Unfortunately, there are problems with this simple design. Leaving out details of electrical engineering, we need N1 resistors to get N output. If we want 12 bits of resolution, 2^{12} = 4096, and that's a lot of resistors. Isn't there a way to use fewer resistors? It turns out that there's a method that uses only 2N resistors. It's called an R/2R ladder.

A 3level R/2R Network

Start at the far right. How does V_{3} compare to V_{2}? By analogy to the previous figure, V_{3} = V_{2}/2. At first, it looks like computing how V_{2} and V_{1} relate could be ugly. However, there are 2 routes to ground from V_{2}. Both of them have a total resistance of 2R. The effective resistance of two resistors in parallel relate as 1/R_{effective} = 1/R_{path 1} + 1/R_{path 2}. The effective resistance from V_{2} to ground via the two parallel paths is R, the same as the resistance of the individual resistors! This means that each numbered voltage is 1/2 the potential of the next lower numbered voltage. Suddenly, we have a way to get 1/2^{n} fractions of a reference potential for any n, just by using a large enough number of identical resistors. Actually, there's a limit; the precision of the resistors has to be such that the errors in each stage are smaller than the smallest fractional voltage. That means that, if we have a 12 bit ladder, all resistances must be precise to 1 part in 2^{12} = 1/4096. That's about 0.025%. That sounds difficult to achieve, but resistors can be trimmed to 0.1% fairly easily, 0.01% with effort, and even 0.001% if temperature is carefully controlled and adequate standards are available.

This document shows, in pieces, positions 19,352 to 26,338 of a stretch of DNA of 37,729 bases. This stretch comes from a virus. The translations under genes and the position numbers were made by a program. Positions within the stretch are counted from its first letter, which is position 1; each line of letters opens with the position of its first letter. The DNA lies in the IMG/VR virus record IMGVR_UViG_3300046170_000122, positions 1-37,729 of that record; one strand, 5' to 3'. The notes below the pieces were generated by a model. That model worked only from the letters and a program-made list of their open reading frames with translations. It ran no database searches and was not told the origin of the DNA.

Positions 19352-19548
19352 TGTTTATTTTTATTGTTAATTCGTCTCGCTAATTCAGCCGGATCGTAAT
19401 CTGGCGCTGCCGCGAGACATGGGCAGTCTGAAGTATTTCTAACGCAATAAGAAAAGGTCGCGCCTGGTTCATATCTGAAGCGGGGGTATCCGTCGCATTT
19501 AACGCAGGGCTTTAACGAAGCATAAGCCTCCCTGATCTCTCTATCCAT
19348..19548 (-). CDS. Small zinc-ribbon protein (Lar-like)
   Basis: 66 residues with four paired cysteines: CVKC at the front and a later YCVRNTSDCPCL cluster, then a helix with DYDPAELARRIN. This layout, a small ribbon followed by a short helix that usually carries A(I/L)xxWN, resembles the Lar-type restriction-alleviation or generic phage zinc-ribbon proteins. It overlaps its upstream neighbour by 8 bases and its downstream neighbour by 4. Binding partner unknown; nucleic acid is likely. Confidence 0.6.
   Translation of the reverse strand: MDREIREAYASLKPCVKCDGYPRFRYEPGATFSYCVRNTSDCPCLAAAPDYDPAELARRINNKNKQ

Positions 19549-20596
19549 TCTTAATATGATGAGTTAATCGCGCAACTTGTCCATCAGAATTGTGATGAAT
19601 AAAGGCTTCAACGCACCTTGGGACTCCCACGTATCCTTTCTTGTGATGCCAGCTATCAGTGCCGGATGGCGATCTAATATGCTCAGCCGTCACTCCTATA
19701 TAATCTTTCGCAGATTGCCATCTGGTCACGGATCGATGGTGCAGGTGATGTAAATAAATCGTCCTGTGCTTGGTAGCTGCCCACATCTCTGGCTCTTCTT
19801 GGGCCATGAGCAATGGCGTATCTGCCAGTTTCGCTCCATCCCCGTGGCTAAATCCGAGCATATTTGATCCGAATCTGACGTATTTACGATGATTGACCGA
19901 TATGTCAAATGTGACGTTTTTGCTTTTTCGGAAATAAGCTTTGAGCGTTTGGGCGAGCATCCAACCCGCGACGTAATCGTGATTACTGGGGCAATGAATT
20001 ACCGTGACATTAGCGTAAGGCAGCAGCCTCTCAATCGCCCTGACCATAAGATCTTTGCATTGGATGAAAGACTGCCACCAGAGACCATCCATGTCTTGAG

We thus have a way to look at a reference potential and 1/2, 1/4, 1/8, ... of that reference. How do we combine those potentials so we can get potentials that vary in small, equal steps from 0 to V_{in}? We need to combine the current in the R/2R network with one amplifier. Let's take a moment to examine the Inverting Operational Amplifier With Gain, one of the most common analog electronic circuits.